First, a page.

A recently released study by IBM revealed some pretty damning facts about the Indian startup scene – only 1 in 10 startups manage to survive for more than five years. IBM’s study, titled “Entrepreneurial India” is based on interviews with over 1,300 Indian executives including startup entrepreneurs, venture capitalists, government leaders, heads of established companies and educational institutions.
Interestingly, the biggest reason behind the failure of 90% startups who fail within their first five years is the lack of pioneering innovation, something that many thought leaders have been telling for long. 77% of Venture Capitalists who surveyed believe that importing an idea from developed market, likes of US, is killing the innovation capability among Indian entrepreneurs.
So what are factors which dictate the survival rates for Indian startups?
Demand And Timing
The most basic element dictating the success of a startup is the product/service itself. If there isn’t sufficient demand or need for what is being offered, the business is doomed to fail. Often entrepreneurs misjudge the requirements of the market, leading to shutdowns.
Similarly, timing is equally important – sometimes, being too far ahead of the curve can also negatively impact success. Case in point – Mobile Wallets didn’t take off in India until demonetization took place. Then players such as PayTM pressed their advantage and tasted the success.
Ctrl C + Ctrl V: The Real Killer
According to the report, 77% of venture capitalists believe that there is a tendency in the Indian startup community to import successful business models from abroad instead of innovating. This is not a sustainable practice due to the unique nature of the Indian market. Several foreign models simply don’t translate correctly.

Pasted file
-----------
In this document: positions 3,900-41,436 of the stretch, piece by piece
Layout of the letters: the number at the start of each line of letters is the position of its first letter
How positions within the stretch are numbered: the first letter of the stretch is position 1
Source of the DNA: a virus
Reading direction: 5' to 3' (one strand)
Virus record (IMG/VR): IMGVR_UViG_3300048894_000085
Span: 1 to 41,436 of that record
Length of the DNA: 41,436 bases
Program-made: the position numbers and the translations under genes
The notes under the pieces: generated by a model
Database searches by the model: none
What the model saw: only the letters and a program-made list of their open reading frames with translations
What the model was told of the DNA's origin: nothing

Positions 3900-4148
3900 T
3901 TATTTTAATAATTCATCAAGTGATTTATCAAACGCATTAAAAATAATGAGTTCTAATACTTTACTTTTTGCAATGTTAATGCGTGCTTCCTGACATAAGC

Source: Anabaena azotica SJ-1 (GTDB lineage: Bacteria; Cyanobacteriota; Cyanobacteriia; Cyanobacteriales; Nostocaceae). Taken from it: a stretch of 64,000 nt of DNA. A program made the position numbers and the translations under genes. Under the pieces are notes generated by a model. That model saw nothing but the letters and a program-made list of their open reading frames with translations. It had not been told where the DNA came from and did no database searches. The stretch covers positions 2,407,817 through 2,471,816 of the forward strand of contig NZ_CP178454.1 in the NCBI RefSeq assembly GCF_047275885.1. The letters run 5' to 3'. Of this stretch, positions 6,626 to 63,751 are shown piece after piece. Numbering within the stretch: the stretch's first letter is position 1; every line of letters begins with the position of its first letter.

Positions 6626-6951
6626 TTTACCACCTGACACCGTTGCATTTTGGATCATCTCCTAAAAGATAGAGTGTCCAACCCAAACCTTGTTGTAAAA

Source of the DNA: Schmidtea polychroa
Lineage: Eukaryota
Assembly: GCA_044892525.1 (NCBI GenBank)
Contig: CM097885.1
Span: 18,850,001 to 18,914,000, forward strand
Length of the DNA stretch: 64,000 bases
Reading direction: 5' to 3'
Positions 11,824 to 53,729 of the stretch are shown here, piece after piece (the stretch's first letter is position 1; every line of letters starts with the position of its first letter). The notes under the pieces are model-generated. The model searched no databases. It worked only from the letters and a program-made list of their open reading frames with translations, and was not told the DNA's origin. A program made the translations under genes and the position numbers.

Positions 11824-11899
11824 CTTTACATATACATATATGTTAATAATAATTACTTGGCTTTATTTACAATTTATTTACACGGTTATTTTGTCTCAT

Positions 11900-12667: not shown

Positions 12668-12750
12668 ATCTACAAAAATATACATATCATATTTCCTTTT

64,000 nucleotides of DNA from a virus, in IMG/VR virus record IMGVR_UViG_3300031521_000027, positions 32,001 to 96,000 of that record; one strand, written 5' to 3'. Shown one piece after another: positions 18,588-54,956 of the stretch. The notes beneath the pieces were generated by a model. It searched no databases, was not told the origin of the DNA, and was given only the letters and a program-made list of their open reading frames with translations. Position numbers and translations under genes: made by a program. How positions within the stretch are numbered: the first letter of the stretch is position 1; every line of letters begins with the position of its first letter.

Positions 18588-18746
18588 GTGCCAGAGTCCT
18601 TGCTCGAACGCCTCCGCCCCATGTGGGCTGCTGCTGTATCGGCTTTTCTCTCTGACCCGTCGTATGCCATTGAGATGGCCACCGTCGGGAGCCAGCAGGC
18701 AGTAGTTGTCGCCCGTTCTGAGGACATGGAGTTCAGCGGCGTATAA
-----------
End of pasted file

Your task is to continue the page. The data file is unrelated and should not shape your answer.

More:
The report highlights 70% of venture capitalists believed that acquiring talent with the requisite skills was a major stumbling block. Due to a lack of an entrepreneurial culture and formal training, as many as 80% of Indian engineering graduates are considered unemployable.
This is not the first time when Indian workforce is being criticised. Quite recently, another study also highlighted the same concern stating that 95% of India IT force is unemployable. The apathy is, some of the industry leaders are not ready to read the writing on the wall.
The death of many promising startups, scaling must be handled very carefully. Scaling ravages a startup’s funding, and startups may find themselves running out of cash fast if the ROI is insufficient. Premature scaling may also cause startups to fall into the “sunk cost trap” and unable to adapt quickly to changing scenarios.
65% of venture capitalists identified lack of funding as a challenge for Indian startups. Aggressive growth is vital in the early years of a startup. If the business is unable to reach its milestones in time before its cash dries up, then attracting more investors can become extremely difficult.
It is inevitable that every new startup will face a crisis or significant roadblock. It is essential to act quickly, intelligently and decisively Even one mishandled crisis can spell death for a burgeoning startup.
But, the IBM report is not all bad news for Indian startups. India’s economic openness (76%), skilled workforce (60%) and large domestic market (57%) remain significant advantages for upcoming startups. There is also an increased desire to collaborate and invest in startups. 80% of executives from established companies believe that collaboration with startups accelerates new ideas. However, it is essential to be mindful of the pitfalls that have been the bane of many failed businesses thus far.